Lodged on the northern frontier of the country and the southern part of the Himalayas, Uttarakhand is a destination that offers sky-scraping mountains, quaint mountain culture and local cuisine.
Given the dramatic topography of the state with lowlands, hills and rugged mountains, the climate varies during all the seasons but winters especially are extended.
#WhiteWinter is an initiative by the state tourism board to focus attention on the Himalayan state’s many winter charms. Winter in Uttarakhand begins by October and ends in March. The state transforms into a surreal winter wonderland with travellers and thrill-seekers visiting destinations, such as Auli, for their adrenaline fix.
Winter adventure sports and treks
Ever wondered what a bird’s eye view would look like? Paragliding in Uttarakhand promises a scenic avian journey. Besides the adrenaline rush and the freedom to fly, it acquaints you with beautiful blue skies and the tapestry of mountains as you soar and descend on this aerial journey. You don’t need previous experience in the sport; you have the assistance of experts at destinations such as Bageshwar, Bhimtal, Maldevta in Dehradun and Kausani.
The trek to Kuari Pass begins at Joshimath. You are treated to an impressive skyline of the mighty mountains, even as you meander through lush green meadows, vast green pastures and past Himalayan views. On rare occasions, you might stumble across the footprints of the Himalayan bear or a leopard. The Pindari glacier trek in the Kumaon region takes trekkers across the southern rim of the Nanda Devi Sanctuary and pretty local villages.
Auli, Uttarakhand’s best-kept secret, is India’s answer to Aspen. Skiing enthusiasts throng the destination in winters to strap on their equipment and paraphernalia and tame the towering, rugged snow-capped peaks. Given the velocity of the wind at the height and the risks involved, you need to be a trained skier. Local resorts are equipped with gear and specialists. Munsiyari and Mundali are among other popular ski slopes.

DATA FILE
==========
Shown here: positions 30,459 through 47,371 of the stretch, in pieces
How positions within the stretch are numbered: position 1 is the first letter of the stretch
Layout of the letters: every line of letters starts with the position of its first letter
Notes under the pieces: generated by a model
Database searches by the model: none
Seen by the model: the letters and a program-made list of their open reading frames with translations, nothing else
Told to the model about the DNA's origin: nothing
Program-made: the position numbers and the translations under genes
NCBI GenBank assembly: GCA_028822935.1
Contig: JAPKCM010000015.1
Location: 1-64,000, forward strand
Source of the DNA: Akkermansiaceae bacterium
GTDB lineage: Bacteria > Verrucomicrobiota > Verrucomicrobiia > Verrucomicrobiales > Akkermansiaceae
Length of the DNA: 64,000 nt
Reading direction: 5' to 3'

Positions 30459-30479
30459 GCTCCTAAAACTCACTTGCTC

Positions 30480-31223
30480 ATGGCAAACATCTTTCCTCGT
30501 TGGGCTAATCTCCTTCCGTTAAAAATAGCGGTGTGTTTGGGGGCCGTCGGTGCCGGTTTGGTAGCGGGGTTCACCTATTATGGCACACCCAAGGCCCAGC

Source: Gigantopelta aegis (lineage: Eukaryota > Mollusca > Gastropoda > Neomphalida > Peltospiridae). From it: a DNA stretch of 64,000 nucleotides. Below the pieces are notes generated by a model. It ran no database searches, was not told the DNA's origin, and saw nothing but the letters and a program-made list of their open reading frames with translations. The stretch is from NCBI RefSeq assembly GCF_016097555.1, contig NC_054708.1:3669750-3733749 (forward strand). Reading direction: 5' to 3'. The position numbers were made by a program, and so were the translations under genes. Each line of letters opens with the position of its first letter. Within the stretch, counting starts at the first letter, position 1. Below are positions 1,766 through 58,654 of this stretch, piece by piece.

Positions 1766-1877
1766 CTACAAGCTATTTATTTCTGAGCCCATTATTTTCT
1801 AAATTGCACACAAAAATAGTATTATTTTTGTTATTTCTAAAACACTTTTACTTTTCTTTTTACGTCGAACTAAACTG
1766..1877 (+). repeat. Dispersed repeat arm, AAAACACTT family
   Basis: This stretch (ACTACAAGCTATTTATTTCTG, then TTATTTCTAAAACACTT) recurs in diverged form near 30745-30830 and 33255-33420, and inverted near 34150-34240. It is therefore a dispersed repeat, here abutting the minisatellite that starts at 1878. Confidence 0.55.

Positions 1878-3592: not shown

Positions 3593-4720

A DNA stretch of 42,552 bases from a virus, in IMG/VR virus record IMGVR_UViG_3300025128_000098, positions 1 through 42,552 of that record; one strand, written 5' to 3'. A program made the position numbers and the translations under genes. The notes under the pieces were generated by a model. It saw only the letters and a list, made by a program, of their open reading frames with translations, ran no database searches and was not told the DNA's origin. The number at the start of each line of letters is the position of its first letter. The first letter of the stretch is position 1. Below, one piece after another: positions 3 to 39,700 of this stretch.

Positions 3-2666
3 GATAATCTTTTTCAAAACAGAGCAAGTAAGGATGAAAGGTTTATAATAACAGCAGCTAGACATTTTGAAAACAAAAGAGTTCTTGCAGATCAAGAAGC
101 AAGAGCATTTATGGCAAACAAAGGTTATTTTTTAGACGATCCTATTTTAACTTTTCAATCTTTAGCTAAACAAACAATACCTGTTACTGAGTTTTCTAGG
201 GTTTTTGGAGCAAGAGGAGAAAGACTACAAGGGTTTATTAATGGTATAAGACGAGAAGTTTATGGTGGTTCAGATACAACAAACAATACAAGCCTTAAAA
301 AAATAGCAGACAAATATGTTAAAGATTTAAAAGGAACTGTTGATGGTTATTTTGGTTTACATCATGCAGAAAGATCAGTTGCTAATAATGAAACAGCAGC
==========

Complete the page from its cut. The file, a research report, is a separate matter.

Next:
For aquatic adventures, rafting is a popular sport in Rishikesh. Even though it is an all-year-round sport barring the monsoon, in the winters the water is cold enough to send a chill down your spine. This adventure is calibrated considering your expertise and the length you choose to raft in the chilly roaring waters of the Ganges. Other locations to relish this streamy adventure are Alaknanda, Dhauliganga, and Kali rivers.
If you aren’t a dyed-in-the-wool adventure seeker and prefer more down-to-earth stuff (pun intended), Uttarakhand’s contours—from the low-lying plains to the mighty Himalayas —offer an array of treks and hikes. Adventure activities have an accommodative range, from easy to moderate, that can be accomplished in few days, such Chopta Chandrashila or Valley of Flowers to a more strenuous Auden Col’s trek.
Located roughly 100 kilometres from Nainital, the sleepy town of Binsar is surrounded by an eponymous wildlife sanctuary. Enveloped in the wide eclectic array of flora and fauna that you rarely gets to see elsewhere in the country makes it a favoured destination for trekkers. The town promises marvellous views of Himalayan peaks such as Chaukhamba, Nanda Devi, and Kedarnath.
Pilgrimage and spirituality
If there’s anything the pandemic has taught us, it is to be grateful and have faith. Uttarakhand, given its historic significance, is also known as the ‘Abode of Gods’ or dev bhumi. It is home to ornately carved temples and shrines from numerous kingdoms and faiths. Haridwar, loosely translated to mean ‘Gateway to God’, is an ancient city on the banks of the mighty Ganges that hosts the Kumbh Mela every 12 years. The Ganga aarti, a practice to worship the river is covered extensively through documentaries, movies, literature and travellers’ accounts.
Mukteshwar, a 350-year-old temple dedicated to Shiva, is perched atop a Kumauni hill in Nainital district. The state also houses religious circuit of temples—Chota Char Dham, Kedarnath and Badrinath.
Jageshwar Dham is a cluster of temples located in the titular valley, fringed in by a dense deodar forest. The temples date back between 7th and the 12th century, assuming an archaeological, architectural, and religious significance.